Acute stress increases risky decisions and dampens prefrontal activation among adolescent boys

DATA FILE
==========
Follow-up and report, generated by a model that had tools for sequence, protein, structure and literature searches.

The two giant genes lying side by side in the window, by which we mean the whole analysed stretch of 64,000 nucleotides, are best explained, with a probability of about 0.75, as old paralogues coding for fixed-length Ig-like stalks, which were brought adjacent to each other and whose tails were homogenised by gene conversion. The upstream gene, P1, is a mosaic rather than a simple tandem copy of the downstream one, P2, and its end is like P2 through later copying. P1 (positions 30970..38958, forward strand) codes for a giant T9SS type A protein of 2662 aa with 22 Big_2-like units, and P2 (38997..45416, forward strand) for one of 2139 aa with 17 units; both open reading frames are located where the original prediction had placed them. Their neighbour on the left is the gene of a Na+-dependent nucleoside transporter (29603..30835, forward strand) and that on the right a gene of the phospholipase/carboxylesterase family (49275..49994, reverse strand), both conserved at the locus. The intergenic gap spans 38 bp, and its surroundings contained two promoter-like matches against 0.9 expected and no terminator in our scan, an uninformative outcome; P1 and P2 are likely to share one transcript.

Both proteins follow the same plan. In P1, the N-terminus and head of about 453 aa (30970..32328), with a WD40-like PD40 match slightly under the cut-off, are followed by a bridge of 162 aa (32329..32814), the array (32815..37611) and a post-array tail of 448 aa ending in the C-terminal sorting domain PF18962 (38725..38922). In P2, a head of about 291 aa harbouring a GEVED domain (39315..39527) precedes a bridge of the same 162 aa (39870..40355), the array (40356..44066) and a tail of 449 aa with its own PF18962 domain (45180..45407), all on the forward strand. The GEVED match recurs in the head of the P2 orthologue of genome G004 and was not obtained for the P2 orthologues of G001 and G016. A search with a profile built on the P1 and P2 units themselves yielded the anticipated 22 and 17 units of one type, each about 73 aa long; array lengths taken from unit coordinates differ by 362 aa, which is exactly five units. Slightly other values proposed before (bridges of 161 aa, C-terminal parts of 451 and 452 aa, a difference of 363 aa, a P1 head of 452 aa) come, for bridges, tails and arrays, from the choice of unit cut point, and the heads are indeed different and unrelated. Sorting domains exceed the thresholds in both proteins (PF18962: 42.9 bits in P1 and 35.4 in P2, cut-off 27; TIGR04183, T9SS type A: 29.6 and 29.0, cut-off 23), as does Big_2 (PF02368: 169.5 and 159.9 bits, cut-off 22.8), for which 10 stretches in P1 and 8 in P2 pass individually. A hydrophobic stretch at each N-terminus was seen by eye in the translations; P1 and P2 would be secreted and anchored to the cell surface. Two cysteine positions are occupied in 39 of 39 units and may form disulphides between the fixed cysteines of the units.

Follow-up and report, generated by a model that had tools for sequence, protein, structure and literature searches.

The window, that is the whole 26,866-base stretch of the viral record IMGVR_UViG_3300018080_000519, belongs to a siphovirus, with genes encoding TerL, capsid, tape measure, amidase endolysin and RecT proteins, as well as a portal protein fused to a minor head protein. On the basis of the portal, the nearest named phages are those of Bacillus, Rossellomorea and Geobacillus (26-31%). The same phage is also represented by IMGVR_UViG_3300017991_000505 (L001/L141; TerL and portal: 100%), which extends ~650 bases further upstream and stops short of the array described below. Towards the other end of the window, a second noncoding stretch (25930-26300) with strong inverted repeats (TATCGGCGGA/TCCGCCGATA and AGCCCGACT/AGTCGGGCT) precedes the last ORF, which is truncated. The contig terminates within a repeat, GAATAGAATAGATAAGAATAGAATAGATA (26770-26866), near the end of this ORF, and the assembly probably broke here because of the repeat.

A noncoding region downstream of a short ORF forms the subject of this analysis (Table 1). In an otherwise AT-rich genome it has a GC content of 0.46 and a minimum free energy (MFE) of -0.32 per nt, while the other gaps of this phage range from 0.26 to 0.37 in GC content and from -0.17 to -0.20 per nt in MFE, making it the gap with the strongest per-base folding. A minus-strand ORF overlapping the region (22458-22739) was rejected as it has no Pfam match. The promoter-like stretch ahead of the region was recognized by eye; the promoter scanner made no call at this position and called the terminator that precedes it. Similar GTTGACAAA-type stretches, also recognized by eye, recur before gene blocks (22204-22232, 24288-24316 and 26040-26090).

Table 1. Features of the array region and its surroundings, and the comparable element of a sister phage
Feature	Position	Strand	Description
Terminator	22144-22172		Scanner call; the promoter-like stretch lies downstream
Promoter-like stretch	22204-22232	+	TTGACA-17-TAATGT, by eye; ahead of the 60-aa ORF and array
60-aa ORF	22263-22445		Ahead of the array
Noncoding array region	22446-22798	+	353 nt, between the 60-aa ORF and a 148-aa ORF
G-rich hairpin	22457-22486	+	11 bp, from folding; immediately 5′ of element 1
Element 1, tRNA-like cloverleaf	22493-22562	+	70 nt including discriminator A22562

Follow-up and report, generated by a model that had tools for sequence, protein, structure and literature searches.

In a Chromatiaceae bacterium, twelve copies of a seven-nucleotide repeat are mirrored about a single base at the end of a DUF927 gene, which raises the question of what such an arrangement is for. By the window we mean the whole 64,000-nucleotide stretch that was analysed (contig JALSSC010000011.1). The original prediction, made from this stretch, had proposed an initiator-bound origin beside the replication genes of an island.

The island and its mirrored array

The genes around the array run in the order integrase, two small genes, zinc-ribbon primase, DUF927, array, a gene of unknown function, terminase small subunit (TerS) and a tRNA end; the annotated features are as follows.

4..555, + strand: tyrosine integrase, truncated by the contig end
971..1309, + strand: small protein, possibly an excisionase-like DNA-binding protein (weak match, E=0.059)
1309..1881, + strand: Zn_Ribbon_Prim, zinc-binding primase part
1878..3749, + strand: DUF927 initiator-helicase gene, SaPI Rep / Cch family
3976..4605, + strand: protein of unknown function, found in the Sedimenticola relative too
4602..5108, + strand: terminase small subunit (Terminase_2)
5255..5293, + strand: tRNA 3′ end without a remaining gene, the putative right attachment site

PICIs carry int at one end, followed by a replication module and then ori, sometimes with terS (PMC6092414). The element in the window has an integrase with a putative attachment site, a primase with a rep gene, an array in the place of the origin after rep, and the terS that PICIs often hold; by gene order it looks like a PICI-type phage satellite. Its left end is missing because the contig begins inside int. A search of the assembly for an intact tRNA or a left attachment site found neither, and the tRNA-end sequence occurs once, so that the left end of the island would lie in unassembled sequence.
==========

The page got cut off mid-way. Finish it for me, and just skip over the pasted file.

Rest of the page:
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Adolescence is characterized by increased risky decision-making, enhanced mesolimbic response to risk and reward, increased perceived stress, and heightened physiological response to stress relative to other age groups. In adults, evidence suggests that acute stress increases risky decision-making by stress-induced increases of dopamine in regions implicated in reward processing and decision-making. Acute stress also increases risky decision-making in adolescents, but the underlying neurobiological mechanisms remained unexplored. In this study, daily self-reports of stress were documented in adolescents and adults. Participants completed two fMRI visits during which they performed a risky decision-making task: once each when they endorsed a high and low level of stress. Results revealed that adolescent males took more advantageous risks under high stress relative to low stress whereas adult males took fewer non-advantageous risks under high stress relative to low stress. Adolescent males also showed a stress-related decrease in prefrontal activation when making risky decisions from high stress to low stress while adult males maintained prefrontal activation when making risky decisions across stress conditions. Adolescent and adult females did not exhibit stress-related changes in risky decisions. Moreover, greater prefrontal activation under stress was associated with fewer non-advantageous risks taken under stress. Implications for risk-taking under stress are discussed in light of these findings.

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